Last week I set myself a challenge to play with some new flavours in old classics and these Israeli meatballs courtesy of Ottolenghi were an absolute winner.
Not only were the meatballs totally scrumptious by themselves but the broadbeans and lemon just add that little extra bit of tasty.
You can serve these with some warmer up flatbreads, pita or my personal favourite of orzo rice.
Israeli Meatballs with Broadbeans
- 4½ tbsp olive oil
- 350g broad beans (fresh or frozen)
- 4 whole thyme sprigs
- 6 garlic cloves, sliced
- 8 spring onions, sliced
- 2½ tbsp lemon juice
- 500ml chicken stock
- Salt and black pepper
- 1 1/2 tsp chopped flat-leaf parsley, mint, dill and coriander, to finish
For the meatballs
- 300g minced beef
- 150g minced lamb
- 1 medium onion, finely chopped
- 120g breadcrumbs
- 2 tbsp each chopped flat-leaf parsley, mint, dill and coriander
- 2 large garlic cloves, crushed
- 4 tsp baharat spice mix
- 4 tsp ground cumin
- 2 tsp capers, chopped
- 1 egg, beaten
Put all the ingredients for the meatballs in a large bowl. Add three-quarters of a teaspoon of salt and plenty of black pepper and mix well with your hands. Form into balls about the same size of ping-pong balls.
Heat a tablespoon of olive oil in an extra-large frying pan for which you have a lid.
Sear the meatballs in batches over a medium heat, turning them until they are brown all over – about five minutes. Once you’ve cooked all the meatballs give the pan a wipe clean with a kitchen towel.
While the meatballs are cooking, throw the broad beans into a pot with plenty of salted boiling water and blanch for two minutes. Drain and refresh under cold water.
Heat the remaining oil in the meatball pan, add the thyme, garlic and spring onion, and sauté over a medium heat for three minutes.
Add half the broad beans, one and a half tablespoons of the lemon juice, 80ml of the stock, a quarter-teaspoon of salt and plenty of black pepper. The beans should be almost covered by liquid. Pop on the lid and cook over a low heat for 10 minutes.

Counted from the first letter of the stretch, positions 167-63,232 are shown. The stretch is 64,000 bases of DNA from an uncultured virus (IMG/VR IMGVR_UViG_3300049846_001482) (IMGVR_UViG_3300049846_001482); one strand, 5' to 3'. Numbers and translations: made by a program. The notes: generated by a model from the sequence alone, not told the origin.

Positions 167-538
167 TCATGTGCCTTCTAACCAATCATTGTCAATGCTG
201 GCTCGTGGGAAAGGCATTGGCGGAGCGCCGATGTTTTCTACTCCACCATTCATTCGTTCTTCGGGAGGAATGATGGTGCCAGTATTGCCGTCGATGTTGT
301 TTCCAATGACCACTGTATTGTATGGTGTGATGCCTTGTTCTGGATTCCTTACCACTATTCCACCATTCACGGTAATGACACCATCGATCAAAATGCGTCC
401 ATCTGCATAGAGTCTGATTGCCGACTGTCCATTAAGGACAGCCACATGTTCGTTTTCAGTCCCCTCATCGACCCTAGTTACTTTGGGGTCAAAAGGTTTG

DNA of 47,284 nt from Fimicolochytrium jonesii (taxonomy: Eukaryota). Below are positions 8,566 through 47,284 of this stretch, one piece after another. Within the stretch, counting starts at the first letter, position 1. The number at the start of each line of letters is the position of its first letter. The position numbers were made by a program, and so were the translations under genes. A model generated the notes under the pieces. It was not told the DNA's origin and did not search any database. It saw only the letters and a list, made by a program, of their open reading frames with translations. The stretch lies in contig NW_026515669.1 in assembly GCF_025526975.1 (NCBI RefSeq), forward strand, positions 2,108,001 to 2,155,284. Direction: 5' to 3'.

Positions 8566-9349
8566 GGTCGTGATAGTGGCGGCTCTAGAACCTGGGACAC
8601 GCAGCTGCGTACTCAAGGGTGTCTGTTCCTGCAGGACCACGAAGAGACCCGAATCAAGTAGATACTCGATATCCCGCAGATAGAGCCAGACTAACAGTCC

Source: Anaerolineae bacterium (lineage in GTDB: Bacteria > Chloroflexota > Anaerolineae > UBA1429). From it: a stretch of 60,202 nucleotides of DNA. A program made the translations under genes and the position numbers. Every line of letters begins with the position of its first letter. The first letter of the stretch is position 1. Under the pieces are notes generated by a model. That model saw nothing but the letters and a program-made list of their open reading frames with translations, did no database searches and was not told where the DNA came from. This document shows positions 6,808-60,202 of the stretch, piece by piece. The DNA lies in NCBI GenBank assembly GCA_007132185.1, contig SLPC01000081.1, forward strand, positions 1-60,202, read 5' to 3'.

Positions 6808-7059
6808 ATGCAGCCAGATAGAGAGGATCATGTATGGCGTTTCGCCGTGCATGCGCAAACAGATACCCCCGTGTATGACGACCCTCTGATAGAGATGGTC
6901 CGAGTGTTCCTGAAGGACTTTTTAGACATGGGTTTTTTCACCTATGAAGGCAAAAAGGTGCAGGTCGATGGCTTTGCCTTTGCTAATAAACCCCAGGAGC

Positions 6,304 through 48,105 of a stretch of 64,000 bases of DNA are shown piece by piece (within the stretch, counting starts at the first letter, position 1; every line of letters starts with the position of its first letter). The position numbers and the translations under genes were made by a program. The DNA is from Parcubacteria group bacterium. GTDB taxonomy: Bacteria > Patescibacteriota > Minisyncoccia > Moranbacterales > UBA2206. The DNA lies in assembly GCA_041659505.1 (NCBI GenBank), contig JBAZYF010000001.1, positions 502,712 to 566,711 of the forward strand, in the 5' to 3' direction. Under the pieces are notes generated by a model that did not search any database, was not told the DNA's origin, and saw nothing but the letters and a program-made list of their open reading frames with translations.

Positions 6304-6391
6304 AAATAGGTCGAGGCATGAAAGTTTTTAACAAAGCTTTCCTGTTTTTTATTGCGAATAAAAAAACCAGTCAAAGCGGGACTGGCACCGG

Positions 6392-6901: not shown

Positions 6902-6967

Return the meatballs to the pan, add the remaining stock, cover again and simmer gently for 25 minutes.
Taste the sauce and adjust the seasoning. If it is still very runny, remove the lid and reduce a little.
Once the meatballs stop cooking, they will soak up a lot of the juices, so make sure there is still plenty of sauce at this point. You can leave the meatballs now, off the heat, until you’re ready to serve.
Just before serving, reheat the meatballs and add a little water, if needed, to get enough sauce. Gently stir in the remaining herbs, lemon juice, broad beans and serve immediately.
Normally you’ll find people use butter to toast the orzo however all you really need is a good quality olive oil – my personal choice is always Greek olive oil as it packs a strong flavour and aroma – and a pinch of salt. Job done – dairy free comfort food at its best.
- Olive Oil
- 1 1/2 cups Basmati Rice
- 1/3 cup Orzo
- 3 cups Chicken Stock
In a large heavy saucepan over medium heat add the oil and orzo, browning until golden.
Add rice, chicken stock and water; bring to a boil, cover and lower heat to medium-low.
Simmer for about 20 to 25 minutes or until all water is absorbed.
Set the rice aside for atleast 10 minutes before you fluff.
The original recipe can be found in Jerusalem by Yotam Ottolenghi and Sami Tamimi.